Current stars honoured to be among all-time greats

Chris Johnston and Kyle Bukauskas talk about the NHL 100 list and the reasoning behind some elite players being left off.

LOS ANGELES – This isn’t the kind of night Sidney Crosby and Alex Ovechkin could really prepare for.

Getting a call from NHL commissioner Gary Bettman was enough to send Jonathan Toews and Duncan Keith into a mild panic. Patrick Kane and Jaromir Jagr were more focused on their next game in late October than any list of the 100 greatest players being compiled by the league.

And so the six active players that joined exclusive company here Friday night were arguably the most wide-eyed men on the stage – being honoured for what they’ve done but still very much in the thick of their careers.

“I don’t expect that,” said Crosby. “Growing up, you dream of playing in the NHL. You don’t necessarily think of things like this. To be part of this group, and to have so many guys here that you look up to and kind of paved the way – were great role models for us growing up – it’s really special.

“That’s all I can say.”

Toews, Keith and Kane were preparing for a game in New Jersey a few months back when they learned that they had been selected by a 58-member blue-ribbon panel.

Bettman made a point of personally calling each of the 100 players chosen – or a surviving member of their family – and the trio of Blackhawks were taken off guard by a missed call from the man who runs the league.

“I think the first thought going through (Keith’s) mind was that he was in trouble for something,” said Toews. “I checked my phone and I’m like: ‘OK, well what did I do? We’re in the same boat, what happened here?’ I told Gary that when I talked to him on the phone.

“I think he was kind of offended that we thought we were in trouble when we were getting a call from him.”

There were no hard feelings to be found inside Microsoft Theatre as the NHL kicked off its all-star weekend in style.

Nothing like this had ever been done before. That alone made it worth the trouble.

Sure, the esteemed voters left a few worthy names off the list – personally, I can’t believe Evgeni Malkin wasn’t included – but that’s unavoidable with a project of this nature.

“My goodness,” said Wayne Gretzky. “There’s so many wonderful players that are not going to be part of this 100 and I feel bad for them and their families and their parents and their grandparents. But the 100 guys who are here, we’re so thrilled, we’re all like little kids and it’s so unique and so interesting to see us (together).”

That included the group of guys who will be playing in NHL arenas next week.

Jagr made the trip to Los Angeles even though he isn’t partaking in the all-star festivities. Crosby, Ovechkin, Toews, Kane and Keith are sticking around for the skills competition and all-star game, but you got the feeling that they’ve already experienced the highlight of their weekend.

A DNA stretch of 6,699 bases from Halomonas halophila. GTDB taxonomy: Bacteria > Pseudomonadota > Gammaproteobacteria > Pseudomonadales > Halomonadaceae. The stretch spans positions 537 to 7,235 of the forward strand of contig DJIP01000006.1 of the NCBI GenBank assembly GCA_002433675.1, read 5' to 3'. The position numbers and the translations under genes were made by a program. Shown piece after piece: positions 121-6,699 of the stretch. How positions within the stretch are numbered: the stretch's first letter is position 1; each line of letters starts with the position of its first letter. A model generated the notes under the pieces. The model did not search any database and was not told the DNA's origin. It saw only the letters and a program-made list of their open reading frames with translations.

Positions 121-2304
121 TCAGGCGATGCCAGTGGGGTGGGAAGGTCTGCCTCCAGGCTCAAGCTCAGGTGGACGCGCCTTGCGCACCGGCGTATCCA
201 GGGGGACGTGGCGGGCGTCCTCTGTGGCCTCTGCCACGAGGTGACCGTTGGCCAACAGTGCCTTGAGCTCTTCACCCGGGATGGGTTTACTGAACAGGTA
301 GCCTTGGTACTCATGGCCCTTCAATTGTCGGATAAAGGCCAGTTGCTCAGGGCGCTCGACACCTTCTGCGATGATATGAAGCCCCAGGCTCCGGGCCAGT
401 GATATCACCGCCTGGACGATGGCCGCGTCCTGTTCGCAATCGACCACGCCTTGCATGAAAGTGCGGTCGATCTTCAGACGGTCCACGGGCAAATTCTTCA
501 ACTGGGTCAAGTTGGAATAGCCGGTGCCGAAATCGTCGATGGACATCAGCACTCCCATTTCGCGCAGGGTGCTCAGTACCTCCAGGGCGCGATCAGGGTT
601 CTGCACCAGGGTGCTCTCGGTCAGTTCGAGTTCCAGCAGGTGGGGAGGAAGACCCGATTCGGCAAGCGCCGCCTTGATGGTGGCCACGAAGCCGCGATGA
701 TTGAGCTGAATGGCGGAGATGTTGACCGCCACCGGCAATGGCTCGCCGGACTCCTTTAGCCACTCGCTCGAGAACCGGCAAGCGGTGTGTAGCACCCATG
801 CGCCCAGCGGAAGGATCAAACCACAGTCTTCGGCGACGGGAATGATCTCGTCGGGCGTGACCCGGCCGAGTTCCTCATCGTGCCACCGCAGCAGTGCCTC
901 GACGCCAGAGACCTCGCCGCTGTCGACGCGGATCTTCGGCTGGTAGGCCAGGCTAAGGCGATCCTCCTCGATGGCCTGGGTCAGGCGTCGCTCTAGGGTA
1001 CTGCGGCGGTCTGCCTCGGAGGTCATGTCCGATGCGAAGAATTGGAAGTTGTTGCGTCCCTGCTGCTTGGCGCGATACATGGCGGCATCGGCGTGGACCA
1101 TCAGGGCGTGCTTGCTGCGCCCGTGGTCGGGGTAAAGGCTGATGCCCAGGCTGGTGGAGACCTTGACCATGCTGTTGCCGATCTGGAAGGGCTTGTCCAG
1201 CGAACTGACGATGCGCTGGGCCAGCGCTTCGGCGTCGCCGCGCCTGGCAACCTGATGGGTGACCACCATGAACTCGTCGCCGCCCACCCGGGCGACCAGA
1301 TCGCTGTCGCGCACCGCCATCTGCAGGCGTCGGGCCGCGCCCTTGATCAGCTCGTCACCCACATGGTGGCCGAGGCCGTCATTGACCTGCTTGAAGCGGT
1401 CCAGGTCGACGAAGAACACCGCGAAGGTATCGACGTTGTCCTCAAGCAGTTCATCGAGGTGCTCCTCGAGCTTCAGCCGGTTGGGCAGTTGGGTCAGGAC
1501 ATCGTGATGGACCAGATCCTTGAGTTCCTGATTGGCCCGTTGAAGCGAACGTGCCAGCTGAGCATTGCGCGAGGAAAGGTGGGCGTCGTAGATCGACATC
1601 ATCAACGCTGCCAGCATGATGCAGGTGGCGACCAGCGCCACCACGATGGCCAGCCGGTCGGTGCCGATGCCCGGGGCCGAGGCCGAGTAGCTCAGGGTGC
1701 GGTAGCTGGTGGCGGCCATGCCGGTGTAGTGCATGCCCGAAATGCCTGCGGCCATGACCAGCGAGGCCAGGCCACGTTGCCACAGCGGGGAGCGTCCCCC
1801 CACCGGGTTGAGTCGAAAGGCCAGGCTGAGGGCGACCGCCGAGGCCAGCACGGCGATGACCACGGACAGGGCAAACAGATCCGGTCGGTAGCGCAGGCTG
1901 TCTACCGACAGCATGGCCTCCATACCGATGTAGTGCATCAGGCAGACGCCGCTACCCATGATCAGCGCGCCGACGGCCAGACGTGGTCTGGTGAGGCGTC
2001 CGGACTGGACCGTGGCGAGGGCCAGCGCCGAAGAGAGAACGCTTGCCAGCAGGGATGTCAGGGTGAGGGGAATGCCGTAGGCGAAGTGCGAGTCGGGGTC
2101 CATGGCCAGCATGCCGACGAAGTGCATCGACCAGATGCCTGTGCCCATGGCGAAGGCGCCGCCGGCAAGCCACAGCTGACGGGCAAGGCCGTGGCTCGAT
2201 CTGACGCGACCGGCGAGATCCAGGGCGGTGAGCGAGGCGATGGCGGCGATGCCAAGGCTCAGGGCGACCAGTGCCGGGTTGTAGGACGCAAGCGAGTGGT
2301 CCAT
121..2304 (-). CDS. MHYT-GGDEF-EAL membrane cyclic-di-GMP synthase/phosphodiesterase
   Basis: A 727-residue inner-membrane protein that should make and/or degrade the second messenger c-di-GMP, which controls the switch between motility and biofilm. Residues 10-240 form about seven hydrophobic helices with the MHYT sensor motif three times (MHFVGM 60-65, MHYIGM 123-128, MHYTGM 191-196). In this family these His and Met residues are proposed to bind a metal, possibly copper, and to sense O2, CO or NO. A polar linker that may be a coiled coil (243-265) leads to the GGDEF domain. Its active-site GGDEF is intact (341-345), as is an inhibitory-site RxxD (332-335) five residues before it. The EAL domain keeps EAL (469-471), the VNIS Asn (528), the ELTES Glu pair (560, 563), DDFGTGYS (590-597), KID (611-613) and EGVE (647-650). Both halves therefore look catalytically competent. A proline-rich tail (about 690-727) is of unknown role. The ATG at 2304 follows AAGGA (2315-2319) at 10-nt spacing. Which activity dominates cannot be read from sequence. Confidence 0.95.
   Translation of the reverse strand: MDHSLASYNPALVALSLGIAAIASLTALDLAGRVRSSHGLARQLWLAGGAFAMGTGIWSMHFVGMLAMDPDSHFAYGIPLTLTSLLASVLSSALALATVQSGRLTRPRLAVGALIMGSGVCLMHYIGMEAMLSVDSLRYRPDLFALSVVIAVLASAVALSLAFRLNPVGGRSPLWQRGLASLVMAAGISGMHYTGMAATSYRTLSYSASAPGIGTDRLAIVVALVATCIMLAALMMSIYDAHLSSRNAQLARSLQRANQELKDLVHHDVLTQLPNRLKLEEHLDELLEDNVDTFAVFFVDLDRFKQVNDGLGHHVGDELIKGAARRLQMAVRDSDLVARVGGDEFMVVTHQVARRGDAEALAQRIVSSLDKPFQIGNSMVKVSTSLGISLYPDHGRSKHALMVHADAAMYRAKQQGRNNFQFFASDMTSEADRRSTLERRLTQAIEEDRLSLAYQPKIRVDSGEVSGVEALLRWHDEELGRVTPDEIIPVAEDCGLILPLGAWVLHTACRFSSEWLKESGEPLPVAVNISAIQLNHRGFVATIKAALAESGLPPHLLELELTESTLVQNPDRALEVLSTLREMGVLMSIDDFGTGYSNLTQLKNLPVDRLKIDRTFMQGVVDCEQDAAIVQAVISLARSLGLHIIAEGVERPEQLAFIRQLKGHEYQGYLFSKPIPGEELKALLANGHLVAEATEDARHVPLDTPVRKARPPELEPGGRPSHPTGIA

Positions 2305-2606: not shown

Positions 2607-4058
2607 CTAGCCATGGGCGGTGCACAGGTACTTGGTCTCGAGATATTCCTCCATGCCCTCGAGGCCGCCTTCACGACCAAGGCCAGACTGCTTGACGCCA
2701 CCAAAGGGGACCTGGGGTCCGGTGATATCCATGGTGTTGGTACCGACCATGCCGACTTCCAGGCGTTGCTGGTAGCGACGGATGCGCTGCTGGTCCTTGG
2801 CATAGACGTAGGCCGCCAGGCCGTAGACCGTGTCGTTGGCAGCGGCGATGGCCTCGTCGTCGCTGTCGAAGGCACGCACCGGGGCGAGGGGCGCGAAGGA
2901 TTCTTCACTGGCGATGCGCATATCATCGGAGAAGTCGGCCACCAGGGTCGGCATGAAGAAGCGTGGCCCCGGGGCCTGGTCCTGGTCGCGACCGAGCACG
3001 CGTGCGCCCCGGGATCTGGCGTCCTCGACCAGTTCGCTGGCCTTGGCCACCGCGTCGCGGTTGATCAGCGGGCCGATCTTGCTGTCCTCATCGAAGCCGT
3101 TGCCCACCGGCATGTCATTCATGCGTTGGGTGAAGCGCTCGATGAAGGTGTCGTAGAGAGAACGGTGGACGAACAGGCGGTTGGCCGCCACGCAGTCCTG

“I don’t really know how to describe it,” said Toews. “I’m honoured, I’m flattered. I want to let myself believe it, but at the same time there’s that part of you that wants to stay humble and know that the amount of incredible people and the special players that have done so much to build this game.

“They’re the ones that make it special for you to get drafted and to realize your dream of playing in the NHL to begin with and then all of a sudden (I’m here).”

With the league having already revealed the 33 players honoured from its first half-century of existence, there were 67 spots left to hand out on Friday. They were unveiled in groups by the decade – starting with the ‘70s, ‘80s and so on.

With that same idea in mind, let us take a look at the most productive era-adjusted seasons in NHL history – these are the only seasons in the past century with more than 150 era-adjusted points. Some familiar names will dominate, but what is most interesting are the surprising names that show up on the list.

That gave the active players a chance to sit and watch the majority of the 90-minute show before having to step on stage themselves.

They also had an opportunity to rub elbows with the likes of Gretzky, Mario Lemieux and Bobby Orr. Oh, and Joe Sakic, Brendan Shanahan, Steve Yzerman, Teemu Selanne, Brett Hull, Mark Messier…you get the picture.

The conversation flowed easily.

“It’s pretty easy to talk hockey,” said Crosby. “A lot of guys are still involved with teams. They still follow the game really closely. So it’s easy to kind of speak that language for sure.”

Even though the players themselves may not have expected the honour, there was no arguing with the choices. Kane, Toews and Keith have each racked up significant individual awards while helping the Blackhawks win three Stanley Cups. Jagr has played for a quarter of a century and is among the most prolific scorers in league history.

Ovechkin and Crosby singlehandedly carried the NHL forward after the cancelled 2004-05 season and remain among the game’s best more than a decade later.

“He saved our franchise,” Lemieux said of Crosby.

Legends, one and all.

Just the kind of legends you’re still able to pay to watch play the sport that made them famous.

“We didn’t vote,” said Ovechkin. “For us to be in this company is a big privilege.”

“I’d like to think I’m midway through my career and all of a sudden I’m being talked about, being thrown on stage with some of the all-time greats,” added Toews. “I mean it’s special. To share with two close friends like Kaner and Duncs, it’s pretty incredible.

“I don’t think it’s anything that will ever sink in.”

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